Helping children to access positive online content – at home and in the classroom!

We are now entering the second week of the Positive Online Content Awareness Month. This week, we focus on parents and teachers, and on their important role in guiding their children and pupils in the digital world to ensure that they interact with the best content available and have positive online experiences.

With the mainstreaming of digital devices and the constant improvements in their user experience, children are able to make use of the internet at an ever-younger age. Given the considerable amount of time many of them spend online, the content they interact with significantly shapes their psychological, social and emotional development.

If the digital divide in a "formal" sense is diminishing, the inequalities among children's access to the digital world now lay in the quality of the online content they interact with. That is why the Positive Online Content Campaign (POCC) aims to promote the potential of positive online content for children's education, social interactions and participation in society, and to ensure that they can all equally benefit from such high-quality content.

Digital devices are increasingly used in schools, but the home still remains the place where children go online for the longest periods. Therefore, both parents and teachers play a key role in ensuring that their children and pupils spend quality time online by monitoring, assessing and curating the content they consume on their devices. Yet, given the rapid pace at which new and viral content and trends rise and fall, it can be hard for adults to keep up with every new development. Following the simple recommendations laid out below is an easy way to start making improvements in children's online experiences.

Teachers and parents should always ask themselves, before choosing a website, an app or other online service for the children, whether it is empowering, engaging, stimulating and safe. They should make sure that this online content suits the child's age and development abilities (cognitive, linguistic, social and emotional), and has clear learning outcomes and objectives. The navigation should be as user-friendly as possible for children, and the URL should be unequivocal; it cannot lead to inappropriate domains if misspelled.

Adults should also be wary of their children and students' data protection rights when going online at home and at school, and carefully select websites, apps, and other online services that do not collect unnecessary information about their users. Services should also respect privacy laws and have reporting mechanisms and moderation in place, and there should also be parental control features, especially when it comes to creating an account and spending money on a platform.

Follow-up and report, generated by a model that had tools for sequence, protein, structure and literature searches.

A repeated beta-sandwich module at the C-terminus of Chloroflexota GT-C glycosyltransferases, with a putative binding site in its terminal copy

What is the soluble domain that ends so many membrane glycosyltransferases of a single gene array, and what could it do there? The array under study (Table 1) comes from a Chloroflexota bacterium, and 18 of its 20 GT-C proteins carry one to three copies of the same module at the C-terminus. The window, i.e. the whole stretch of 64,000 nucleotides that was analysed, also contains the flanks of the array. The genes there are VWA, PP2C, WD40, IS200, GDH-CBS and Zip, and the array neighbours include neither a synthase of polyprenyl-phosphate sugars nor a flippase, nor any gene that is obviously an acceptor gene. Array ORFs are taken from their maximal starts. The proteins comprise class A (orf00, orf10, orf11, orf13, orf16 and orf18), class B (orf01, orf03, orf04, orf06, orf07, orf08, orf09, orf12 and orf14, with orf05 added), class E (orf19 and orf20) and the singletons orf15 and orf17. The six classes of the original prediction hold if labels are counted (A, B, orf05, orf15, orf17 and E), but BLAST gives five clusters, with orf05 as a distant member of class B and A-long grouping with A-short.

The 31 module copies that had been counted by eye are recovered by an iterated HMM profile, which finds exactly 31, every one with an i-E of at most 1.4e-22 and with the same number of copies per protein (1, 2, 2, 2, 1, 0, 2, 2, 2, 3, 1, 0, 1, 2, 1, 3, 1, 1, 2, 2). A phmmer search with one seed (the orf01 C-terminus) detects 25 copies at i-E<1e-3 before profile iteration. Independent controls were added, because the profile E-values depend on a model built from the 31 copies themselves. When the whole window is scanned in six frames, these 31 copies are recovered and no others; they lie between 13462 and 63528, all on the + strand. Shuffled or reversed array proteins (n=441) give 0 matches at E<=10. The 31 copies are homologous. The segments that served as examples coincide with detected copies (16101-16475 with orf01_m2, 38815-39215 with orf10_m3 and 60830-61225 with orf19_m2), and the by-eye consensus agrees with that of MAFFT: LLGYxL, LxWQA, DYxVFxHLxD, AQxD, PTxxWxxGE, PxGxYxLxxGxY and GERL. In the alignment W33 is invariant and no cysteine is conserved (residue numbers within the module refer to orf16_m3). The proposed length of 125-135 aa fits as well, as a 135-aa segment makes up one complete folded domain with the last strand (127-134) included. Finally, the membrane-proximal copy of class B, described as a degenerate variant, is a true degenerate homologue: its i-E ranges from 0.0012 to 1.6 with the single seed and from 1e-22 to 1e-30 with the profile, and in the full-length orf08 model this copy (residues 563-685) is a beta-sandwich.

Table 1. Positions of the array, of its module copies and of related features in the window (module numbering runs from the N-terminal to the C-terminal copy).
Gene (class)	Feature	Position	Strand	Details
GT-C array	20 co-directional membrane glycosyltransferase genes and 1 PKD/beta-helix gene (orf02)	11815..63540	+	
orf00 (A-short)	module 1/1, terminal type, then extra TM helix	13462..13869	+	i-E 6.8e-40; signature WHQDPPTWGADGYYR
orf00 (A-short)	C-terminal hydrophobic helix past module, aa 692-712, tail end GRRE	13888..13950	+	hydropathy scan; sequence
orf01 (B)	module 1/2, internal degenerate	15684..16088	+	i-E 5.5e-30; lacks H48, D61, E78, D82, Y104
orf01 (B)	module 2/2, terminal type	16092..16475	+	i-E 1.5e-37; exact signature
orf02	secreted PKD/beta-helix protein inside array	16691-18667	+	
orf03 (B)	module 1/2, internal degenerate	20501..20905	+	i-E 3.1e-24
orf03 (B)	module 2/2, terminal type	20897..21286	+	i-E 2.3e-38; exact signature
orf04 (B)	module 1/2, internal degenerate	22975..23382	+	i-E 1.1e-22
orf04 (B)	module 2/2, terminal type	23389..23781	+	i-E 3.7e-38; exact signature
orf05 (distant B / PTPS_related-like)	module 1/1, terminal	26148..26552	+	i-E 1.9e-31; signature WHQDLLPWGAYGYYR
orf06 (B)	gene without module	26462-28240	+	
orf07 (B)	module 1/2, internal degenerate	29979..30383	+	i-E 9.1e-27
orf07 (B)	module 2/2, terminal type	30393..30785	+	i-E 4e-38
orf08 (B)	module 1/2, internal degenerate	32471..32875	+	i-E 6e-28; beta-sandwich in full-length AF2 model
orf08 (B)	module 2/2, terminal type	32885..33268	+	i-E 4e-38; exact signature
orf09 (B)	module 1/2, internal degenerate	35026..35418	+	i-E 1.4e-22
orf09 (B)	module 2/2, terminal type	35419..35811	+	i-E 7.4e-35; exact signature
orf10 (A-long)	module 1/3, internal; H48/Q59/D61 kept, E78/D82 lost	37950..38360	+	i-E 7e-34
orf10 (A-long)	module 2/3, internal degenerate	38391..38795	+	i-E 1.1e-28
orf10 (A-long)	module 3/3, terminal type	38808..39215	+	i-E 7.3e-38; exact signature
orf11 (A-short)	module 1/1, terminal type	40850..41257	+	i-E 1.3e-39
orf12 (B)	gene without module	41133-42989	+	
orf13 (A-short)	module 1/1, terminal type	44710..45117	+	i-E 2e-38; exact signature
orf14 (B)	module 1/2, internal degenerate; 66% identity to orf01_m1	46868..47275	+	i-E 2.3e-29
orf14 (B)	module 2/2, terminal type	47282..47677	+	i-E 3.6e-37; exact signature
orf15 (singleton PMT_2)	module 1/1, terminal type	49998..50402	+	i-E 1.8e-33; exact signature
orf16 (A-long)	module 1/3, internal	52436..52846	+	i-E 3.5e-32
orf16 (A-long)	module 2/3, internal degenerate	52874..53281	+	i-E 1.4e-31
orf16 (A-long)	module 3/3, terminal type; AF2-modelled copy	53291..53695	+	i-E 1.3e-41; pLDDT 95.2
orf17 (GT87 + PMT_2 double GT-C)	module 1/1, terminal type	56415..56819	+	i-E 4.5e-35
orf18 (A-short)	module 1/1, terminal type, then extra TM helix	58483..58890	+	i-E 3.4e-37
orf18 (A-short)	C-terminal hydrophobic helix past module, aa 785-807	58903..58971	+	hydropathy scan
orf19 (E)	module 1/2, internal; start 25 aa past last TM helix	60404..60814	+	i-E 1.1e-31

If you would like to get more articles, tips and information about positive online content, be sure to subscribe to the Better Internet for Kids (BIK) bulletin, to be released on Monday, 30 September 2019. This edition which will place a further spotlight on this topic as the Positive Online Content Awareness Month draws to a close.

To discover more about the POCC campaign, follow the #PositiveContent and #BetterDigitalChildhood hashtags on social media, keep an eye on the Better Internet for Kids (BIK) portal and Positive Online Content minisite, join the #EdChatEU Twitter chat, and show the world you stand for positive online content for children by adding a Twibbon to your social media profiles!


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Positive online content in the classroom: balance and empowerment for pupils

  • Awareness
  • 28/09/2017
  • BIK Team, Dr Jacqueline Harding

The second day of the Positive Online Content Campaign (POCC) Awareness Week was dedicated to teachers and educators; one of the main stakeholders when it comes to ensuring today's children and young people grow up stimulated, engaged and empowered in the online world, while at the same time preserving their privacy and safety online.